A director of Al-Haramain Foundation, Sulayman al-Buthi, was placed on the UN list of terrorism financiers and accused of having links to al-Qaida and Usama bin Ladin.
In his letter, al-Buthi warned against the perception in the US that Saudi charities were being used to fund terrorism.
"The common United States practice of freezing charities and charitable organisation officials' bank accounts based upon 'secret evidence' only serves to reinforce the image the United States simply wants to end faith-based giving rather than truly rooting out the evils of terror finance," he said in the letter dated 2 February.
Giving money to charity, known in Arabic as zakat, is a tenet of Islam.
Al-Haramain Foundation is one of six Islamic charities in the US that have been closed by authorities since the 11 September 2001 attacks.
No charge has ever been brought against al-Buthi in a court of law.
A US senator called US policy in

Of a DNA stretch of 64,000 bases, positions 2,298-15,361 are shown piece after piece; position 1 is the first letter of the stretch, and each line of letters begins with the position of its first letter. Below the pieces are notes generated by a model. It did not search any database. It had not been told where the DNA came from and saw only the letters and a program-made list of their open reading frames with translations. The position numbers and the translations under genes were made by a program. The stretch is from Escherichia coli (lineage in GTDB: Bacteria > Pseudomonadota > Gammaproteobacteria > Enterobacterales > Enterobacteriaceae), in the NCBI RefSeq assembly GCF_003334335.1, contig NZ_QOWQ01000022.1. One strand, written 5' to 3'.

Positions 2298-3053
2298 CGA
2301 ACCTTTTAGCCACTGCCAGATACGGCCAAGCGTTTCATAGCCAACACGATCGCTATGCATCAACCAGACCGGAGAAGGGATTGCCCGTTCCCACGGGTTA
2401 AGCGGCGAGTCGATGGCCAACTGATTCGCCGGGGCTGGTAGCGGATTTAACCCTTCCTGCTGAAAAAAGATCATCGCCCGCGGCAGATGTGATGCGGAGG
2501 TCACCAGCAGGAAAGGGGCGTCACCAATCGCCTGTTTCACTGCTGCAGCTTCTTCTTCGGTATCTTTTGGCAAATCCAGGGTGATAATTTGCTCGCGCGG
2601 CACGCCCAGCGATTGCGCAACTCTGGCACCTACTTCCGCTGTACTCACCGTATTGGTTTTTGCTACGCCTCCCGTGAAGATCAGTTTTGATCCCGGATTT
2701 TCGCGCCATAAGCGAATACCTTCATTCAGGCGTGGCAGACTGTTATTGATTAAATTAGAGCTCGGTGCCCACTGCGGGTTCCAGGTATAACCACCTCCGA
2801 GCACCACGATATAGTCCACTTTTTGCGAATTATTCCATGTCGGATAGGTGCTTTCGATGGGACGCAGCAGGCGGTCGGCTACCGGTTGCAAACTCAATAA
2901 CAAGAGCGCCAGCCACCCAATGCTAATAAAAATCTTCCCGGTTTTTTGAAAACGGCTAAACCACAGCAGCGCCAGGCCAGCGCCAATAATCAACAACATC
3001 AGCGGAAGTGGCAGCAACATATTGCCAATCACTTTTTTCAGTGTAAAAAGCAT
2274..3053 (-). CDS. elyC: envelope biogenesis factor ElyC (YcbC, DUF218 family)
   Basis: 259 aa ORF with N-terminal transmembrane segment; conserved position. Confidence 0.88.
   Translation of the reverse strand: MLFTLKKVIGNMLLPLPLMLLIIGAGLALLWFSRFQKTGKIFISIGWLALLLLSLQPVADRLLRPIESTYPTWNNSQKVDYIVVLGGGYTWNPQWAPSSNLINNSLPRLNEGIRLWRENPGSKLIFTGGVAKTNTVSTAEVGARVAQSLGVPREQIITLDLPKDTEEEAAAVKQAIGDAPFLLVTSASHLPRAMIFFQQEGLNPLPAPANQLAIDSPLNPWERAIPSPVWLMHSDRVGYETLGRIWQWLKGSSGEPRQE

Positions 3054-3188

Saudi Arabia a success so far
Senator George Allen responded to al-Buthi by saying that US policy in Saudi Arabia had so far been successful.
"These conjoined efforts have proven to be successful. As you know, with the aid of US officials, Saudi law-enforcement agents have apprehended and/or killed a number of terrorists," Allen wrote in a letter.
But Allen did not address any of the unproven and unpublicised accusations against the Saudi or his charitable work.
Al-Buthi said that he was pleased his letter had been read by the senator.
"I think it's good," he said referring to Allen's response. "For me I was happy for a member of congress just to read it."
Describing himself as one of the "big critics" of groups such as al-Qaida, al-Buthi said he hoped the letter would be the start of a new exchange between the two countries.
"The relations between the US and Saudi Arabia have been twisted in another direction," he said. "We would like to open a dialogue. We don't want to open a clash."
Al-Buthi also questioned the rationale of the US government's pressure on Islamic charities, and argued that Washington would be in a better position to investigate security concerns if there was coordination between the directors of such charities and US officials.